Excavation by the Archaeological Survey of India in the premises of the temple has brought to light the remains of a large temple complex built in bricks and also a beautiful sculpture of Tirthankara standing in sama-bhanga indicating the existence of a temple, probably belonging to the pre or beginning of the early Chalukyan rule.

Plan of temple

Virupaksha Temple[edit]

Virupaksha temple at Pattadakal

Virupaksha temple is the largest and grandest of all temples in Pattadakal built in 8th Century, built by Queen Lokamahadevi (Trilokyamahadevi)in 745 to commemorate her husband's victory (Vikramaditya II) over the Pallavas of Kanchi. The Virupaksha temple is rich in sculptures like those of Lingodbhava, Nataraja, Ravananugraha and Ugranarasimha. Virupaksha is the earliest dated temple with the sukanasika, being closely followed by the Mallikarjuna temple. The biggest temple in Pattadakal is Virupaksha, enclosed by a large prakara. According to an inscription, the temple was built by Lokamahadevi, the consort of Vikramaditya to commemorate his three victories over the Pallavas and occupation of Kanchi. Its original name was Lokeshvara or Lokapaleshvara. This was perhaps built in about first half of the 8th century. This temple has a sanctum, an inner passage, pillared navaranga and triple entrances from the north, east and the south porches. It has a massive gateway in front from the east and a small gate behind. There are inscriptions and imposing stone carved figures inside the stone mantapa. A little inside is the four-pillared Nandimantapa, which has a fine large stone bull. The sanctum has a circuit path and installed on the square pedestal, a black Shivalinga. The famous Kailasa temple at Ellora was built on the model of the Virupaksha temple here. The Kailasantha temple at kanchipuram was built based on the model of Virupaksha temple. The architect of the temple was given the title as Tribhuvanacharya.

Sangameshvara Temple[edit]

Sangameshvara temple

Sangameshwara Temple (was called Vijayewara) is The oldest temple in Pattadakal, built by Chalukya King Vijayaditya Satyashraya ( 696-733), it has no sukanasika. The temple is in Dravidian style perhaps the oldest among the temples and it consists of a Sanctum, Inner passage and navaranga. The sanctum and inner passage are enclosed by a path way for pradakshina, which has several lattices of different design, sculptured on the outer walls various figures like Ugranarasimha and Nataraja. Both the Sangamesvara temple and the Virupaksha temple are similar to each other in being square on plan from the base to shikhara. The main vimana is of three storeys. The lowermost storey is surrounded by two walls. The second storey being an upward projection of the inner wall. While the outer wall encloses the covered circumambulatory round the sanctum. The navaranga has 20 pillars in four rows. Its exterior walls have stone carved figures. The sanctum has a Dravidian tower. According to an inscription in Kannada dated 1162, it was built by the Early Chalukya king Vijayaditya and was named Vijayeshvara.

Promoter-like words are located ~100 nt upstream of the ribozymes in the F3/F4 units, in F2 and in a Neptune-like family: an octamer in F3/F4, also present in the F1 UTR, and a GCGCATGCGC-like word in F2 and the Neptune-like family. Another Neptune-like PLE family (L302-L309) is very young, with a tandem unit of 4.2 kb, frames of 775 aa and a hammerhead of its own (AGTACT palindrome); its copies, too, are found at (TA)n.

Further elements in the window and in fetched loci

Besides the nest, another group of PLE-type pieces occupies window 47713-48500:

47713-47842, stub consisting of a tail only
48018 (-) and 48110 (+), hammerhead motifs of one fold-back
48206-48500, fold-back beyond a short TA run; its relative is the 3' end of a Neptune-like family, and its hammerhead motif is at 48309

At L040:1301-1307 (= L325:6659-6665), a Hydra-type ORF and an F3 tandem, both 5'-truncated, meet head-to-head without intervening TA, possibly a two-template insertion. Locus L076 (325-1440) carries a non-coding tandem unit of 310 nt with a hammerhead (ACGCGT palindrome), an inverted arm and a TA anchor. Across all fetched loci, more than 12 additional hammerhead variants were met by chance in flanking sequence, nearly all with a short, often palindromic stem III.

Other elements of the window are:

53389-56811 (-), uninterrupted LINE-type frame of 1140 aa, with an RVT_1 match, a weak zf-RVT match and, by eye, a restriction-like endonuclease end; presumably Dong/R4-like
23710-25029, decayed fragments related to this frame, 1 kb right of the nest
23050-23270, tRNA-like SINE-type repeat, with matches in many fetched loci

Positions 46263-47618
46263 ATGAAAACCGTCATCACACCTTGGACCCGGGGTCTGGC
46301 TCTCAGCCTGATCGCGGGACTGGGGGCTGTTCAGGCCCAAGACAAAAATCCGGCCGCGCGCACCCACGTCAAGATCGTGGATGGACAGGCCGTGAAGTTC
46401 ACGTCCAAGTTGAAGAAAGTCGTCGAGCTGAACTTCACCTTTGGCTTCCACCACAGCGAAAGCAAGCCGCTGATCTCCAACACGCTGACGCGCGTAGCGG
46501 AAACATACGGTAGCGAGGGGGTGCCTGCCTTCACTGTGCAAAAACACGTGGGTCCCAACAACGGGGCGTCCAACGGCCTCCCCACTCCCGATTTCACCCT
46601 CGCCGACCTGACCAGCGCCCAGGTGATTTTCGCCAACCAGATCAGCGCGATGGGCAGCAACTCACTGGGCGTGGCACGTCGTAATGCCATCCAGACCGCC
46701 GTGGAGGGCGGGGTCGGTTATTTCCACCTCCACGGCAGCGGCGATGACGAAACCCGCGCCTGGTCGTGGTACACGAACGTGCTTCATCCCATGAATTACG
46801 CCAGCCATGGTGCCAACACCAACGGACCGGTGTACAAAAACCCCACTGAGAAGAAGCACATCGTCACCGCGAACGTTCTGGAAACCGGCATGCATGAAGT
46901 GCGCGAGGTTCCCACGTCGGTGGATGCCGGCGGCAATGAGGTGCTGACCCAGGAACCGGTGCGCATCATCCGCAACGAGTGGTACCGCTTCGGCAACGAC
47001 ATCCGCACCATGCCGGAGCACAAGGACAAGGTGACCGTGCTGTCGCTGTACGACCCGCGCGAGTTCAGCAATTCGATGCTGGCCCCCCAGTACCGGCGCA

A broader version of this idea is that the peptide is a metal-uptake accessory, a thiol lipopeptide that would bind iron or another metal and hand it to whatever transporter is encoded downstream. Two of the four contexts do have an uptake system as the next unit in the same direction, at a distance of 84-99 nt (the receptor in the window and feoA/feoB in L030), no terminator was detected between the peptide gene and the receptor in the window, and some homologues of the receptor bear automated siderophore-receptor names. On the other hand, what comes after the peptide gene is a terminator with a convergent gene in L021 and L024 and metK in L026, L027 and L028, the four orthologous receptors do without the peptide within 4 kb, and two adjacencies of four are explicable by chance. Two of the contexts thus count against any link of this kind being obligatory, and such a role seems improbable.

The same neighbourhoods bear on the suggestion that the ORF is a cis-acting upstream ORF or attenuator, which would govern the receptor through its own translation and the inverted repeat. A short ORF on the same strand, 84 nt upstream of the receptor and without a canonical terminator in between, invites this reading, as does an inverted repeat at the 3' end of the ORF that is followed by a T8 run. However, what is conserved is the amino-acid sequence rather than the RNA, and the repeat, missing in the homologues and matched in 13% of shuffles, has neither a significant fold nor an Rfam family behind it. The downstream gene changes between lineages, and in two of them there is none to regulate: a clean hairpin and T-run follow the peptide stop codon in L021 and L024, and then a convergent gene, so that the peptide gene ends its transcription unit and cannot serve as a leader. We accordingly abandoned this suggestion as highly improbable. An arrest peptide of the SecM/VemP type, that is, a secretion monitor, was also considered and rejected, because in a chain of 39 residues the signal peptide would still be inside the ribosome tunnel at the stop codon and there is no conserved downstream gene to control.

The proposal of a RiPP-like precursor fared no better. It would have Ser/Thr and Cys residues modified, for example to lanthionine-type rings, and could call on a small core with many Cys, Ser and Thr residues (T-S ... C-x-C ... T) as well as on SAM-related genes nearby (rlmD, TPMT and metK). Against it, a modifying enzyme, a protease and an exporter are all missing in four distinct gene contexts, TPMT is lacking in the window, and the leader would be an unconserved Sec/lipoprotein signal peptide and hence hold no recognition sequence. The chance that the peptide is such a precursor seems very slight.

Chandrashekhara Temple[edit]

To the left of the Sangameshvara is the small Chandrashekhara Temple. Its architectural style is very simple, without any idols or fragile carvings. This small shrine consists of sanctum with a Shivalinga and a small hall. Only one idol of doorkeeper remains now.

Mallikarjuna Temple[edit]

Mallikarjuna and Kasivisvanatha temples at Pattadakal, built 740
Pattadakal Kashi vishwanatha temple
Mallikarjuna and Kashivishwanatha temples
Kashivishvanatha temple built by the Rashtrakuta dynasty at Pattadakal, Karnataka

Mallikarjuna Temple is a smaller version of the Virupaksha temple and was built by Vikramadiyta's second queen Trilokyamahadevi in 745. This temple is also was constructed by Rani Trilokyamahadevi to celebrate the victory (by Vikramaditya II) over the Pallavas. The Mallikarjuna temple was built immediately after and close to the Virupaksha temple (It has a similar plan), with a 4 storeyed vimana with a circular griva and shikhara. Mallikarjuna temple in Dravidian style. To the north of the Virupaksha temple lies the Mallikarjuna which was formerly known as Trailokeshvara. It is in close proximity with the Sanghameshvara temple in design, construction and sculpture, but smaller in size. The porch has a beautiful image of Narasimha killing Hiranyakashipu and two female idols. Here are two grand images on both the sides of the entrance to the navaranga. The eighteen pillars of the navaranga have figures pertaining to Ramayana, Mahabharatha and those representing social conditions of those days. On the ceiling are beautiful figures of Gajalakshmi and Shiva-Parvathi with Nandi. On the external walls are sculptures like Shiva, Nandi, Lakulisha, Nataraja, etc. This temple was built by Trailokya Mahadevi, the queen of Vikramaditya II.'

Kashivisvanatha Temple[edit]

Kasivisvesvara Temple was the last to be built in early Chalukya style. This temple was built by the Rashtrakutas in the 8th century. Kashi Vishwanatha temple in Nagara style To the north of the Mallikarjuna temple is the temple of Kashivishveshvara of which only the sanctum and a passage is left. On the pillars of the inner passage, female figures are engraved in high relief. On the ceiling, Somaskanda is represented. Its sanctum has a rekhanagara tower. The structure is presumably of the 8th century.